Aleppo's fledgling government reflects a society shaped by war
Representation on Aleppo's Transitional Revolutionary Council will be determined partially by the number of each community's residents killed in the uprising and the level of destruction there.
In Pictures Syria's civil war: a Middle East crisis
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Aleppo’s Transitional Revolutionary Council, a civilian effort to provide government services in areas of northern Syria under opposition control, has created a 224-person Grand Assembly with representatives for every area of the province, even those still under government control. The new legislative body plans to have its first meeting within a month.
The creation of the opposition’s Grand Assembly comes on the heels of weeks of major rebel gains in northern Syria and is emblematic of their growing confidence in Aleppo. But the new legislature faces challenges finding sufficient funding and securing locations to meet, underscoring the challenges that remain despite recent progress.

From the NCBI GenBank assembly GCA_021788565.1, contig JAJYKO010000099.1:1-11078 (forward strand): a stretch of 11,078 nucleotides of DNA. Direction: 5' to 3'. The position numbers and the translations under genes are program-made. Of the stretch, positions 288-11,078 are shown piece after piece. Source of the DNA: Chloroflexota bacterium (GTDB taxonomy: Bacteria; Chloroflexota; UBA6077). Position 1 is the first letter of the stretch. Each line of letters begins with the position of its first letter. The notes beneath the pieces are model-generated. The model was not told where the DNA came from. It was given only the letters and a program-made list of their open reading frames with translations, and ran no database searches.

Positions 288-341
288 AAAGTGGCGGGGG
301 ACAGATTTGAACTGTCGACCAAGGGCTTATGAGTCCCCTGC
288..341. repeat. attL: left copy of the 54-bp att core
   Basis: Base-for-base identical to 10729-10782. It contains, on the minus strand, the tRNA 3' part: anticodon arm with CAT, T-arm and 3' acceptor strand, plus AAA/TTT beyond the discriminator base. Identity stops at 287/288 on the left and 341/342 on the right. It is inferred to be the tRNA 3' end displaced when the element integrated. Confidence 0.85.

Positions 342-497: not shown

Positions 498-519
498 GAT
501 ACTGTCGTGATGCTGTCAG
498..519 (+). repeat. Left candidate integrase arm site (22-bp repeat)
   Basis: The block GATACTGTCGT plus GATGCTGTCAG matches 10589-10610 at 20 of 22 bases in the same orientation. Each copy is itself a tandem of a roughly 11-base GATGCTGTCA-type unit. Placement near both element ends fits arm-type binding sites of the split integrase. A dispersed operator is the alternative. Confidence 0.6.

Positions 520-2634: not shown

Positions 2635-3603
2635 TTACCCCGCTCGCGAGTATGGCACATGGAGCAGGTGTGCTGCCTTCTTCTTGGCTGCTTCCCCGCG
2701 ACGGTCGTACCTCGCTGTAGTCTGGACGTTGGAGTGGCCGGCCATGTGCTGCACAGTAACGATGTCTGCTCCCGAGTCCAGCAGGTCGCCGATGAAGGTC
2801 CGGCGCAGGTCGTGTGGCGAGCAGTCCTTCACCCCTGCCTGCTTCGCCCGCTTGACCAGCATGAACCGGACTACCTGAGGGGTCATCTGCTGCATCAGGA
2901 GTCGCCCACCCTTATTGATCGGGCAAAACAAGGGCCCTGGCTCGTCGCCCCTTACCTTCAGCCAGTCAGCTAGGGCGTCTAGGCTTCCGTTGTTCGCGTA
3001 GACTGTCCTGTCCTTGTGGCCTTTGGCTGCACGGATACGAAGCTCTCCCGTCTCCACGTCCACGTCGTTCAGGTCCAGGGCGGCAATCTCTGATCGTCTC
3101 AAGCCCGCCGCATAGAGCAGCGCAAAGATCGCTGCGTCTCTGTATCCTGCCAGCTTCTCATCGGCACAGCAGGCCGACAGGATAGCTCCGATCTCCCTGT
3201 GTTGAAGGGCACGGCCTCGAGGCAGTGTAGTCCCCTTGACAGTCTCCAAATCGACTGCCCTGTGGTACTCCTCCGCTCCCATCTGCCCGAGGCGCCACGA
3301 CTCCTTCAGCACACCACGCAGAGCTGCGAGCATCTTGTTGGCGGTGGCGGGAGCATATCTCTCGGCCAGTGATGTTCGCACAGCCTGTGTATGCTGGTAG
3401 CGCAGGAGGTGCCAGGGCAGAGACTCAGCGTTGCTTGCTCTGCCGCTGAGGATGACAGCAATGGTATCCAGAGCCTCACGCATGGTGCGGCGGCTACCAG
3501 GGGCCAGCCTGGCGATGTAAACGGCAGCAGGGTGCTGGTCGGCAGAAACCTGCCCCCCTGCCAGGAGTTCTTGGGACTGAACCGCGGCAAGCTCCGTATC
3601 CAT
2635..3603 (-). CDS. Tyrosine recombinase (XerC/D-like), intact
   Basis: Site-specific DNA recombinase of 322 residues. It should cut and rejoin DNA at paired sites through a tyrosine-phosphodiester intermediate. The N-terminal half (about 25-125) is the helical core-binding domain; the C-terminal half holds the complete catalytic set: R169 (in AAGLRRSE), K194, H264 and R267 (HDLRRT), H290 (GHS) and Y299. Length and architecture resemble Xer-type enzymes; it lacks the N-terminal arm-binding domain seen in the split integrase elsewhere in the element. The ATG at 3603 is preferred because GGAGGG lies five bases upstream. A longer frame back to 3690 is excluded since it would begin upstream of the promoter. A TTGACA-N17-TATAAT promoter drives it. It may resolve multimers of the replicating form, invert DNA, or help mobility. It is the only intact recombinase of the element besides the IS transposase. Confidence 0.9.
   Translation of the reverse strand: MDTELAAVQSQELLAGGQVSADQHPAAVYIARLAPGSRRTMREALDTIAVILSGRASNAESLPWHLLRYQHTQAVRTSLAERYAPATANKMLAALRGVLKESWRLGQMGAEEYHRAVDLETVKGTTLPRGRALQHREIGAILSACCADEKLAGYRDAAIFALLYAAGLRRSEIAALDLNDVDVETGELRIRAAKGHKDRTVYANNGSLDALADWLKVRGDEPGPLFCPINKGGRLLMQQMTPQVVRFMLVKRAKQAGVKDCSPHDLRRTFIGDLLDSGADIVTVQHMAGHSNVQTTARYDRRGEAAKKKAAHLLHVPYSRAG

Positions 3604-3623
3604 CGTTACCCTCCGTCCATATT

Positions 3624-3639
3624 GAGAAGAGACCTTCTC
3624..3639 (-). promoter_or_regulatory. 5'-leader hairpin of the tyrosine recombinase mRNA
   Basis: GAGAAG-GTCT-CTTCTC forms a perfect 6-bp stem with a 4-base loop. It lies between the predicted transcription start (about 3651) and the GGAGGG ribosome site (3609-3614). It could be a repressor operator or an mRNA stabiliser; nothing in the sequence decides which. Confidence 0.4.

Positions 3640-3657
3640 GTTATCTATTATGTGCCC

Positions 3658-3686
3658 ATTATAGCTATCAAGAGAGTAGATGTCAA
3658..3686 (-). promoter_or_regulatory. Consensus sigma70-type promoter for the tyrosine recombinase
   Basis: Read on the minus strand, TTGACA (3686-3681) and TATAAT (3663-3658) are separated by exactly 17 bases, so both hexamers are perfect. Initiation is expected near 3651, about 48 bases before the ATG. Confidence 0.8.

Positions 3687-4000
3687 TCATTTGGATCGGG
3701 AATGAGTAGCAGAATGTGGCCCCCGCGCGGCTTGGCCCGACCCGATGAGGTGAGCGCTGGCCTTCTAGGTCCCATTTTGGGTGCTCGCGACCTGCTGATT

“What makes this project successful here in Aleppo is that most of Aleppo is liberated,” says Rafat Rifai, a freelance journalist who works as a consultant for the Transitional Revolutionary Council. Still, he adds, “the main financial resources are still with the regime so if the new assembly tries to take on the same role of the [Assad] government, it will need the same budget.”
The assembly has only limited funding. It comes from a mix of sources including Syrian expatriates and local businessmen, and the new Syrian opposition coalition formed in Doha last month is said to be considering offering assistance. The modest budget will force the group to prioritize its efforts on essentials such as repairing the electric grid and addressing bread shortages.
Throughout opposition-controlled areas in Aleppo province, citizens have formed a variety of ad hoc councils to manage their villages and neighborhoods in the absence of a central government, but the Grand Assembly is the first attempt to create a representative body that can begin to operate more like a traditional government body.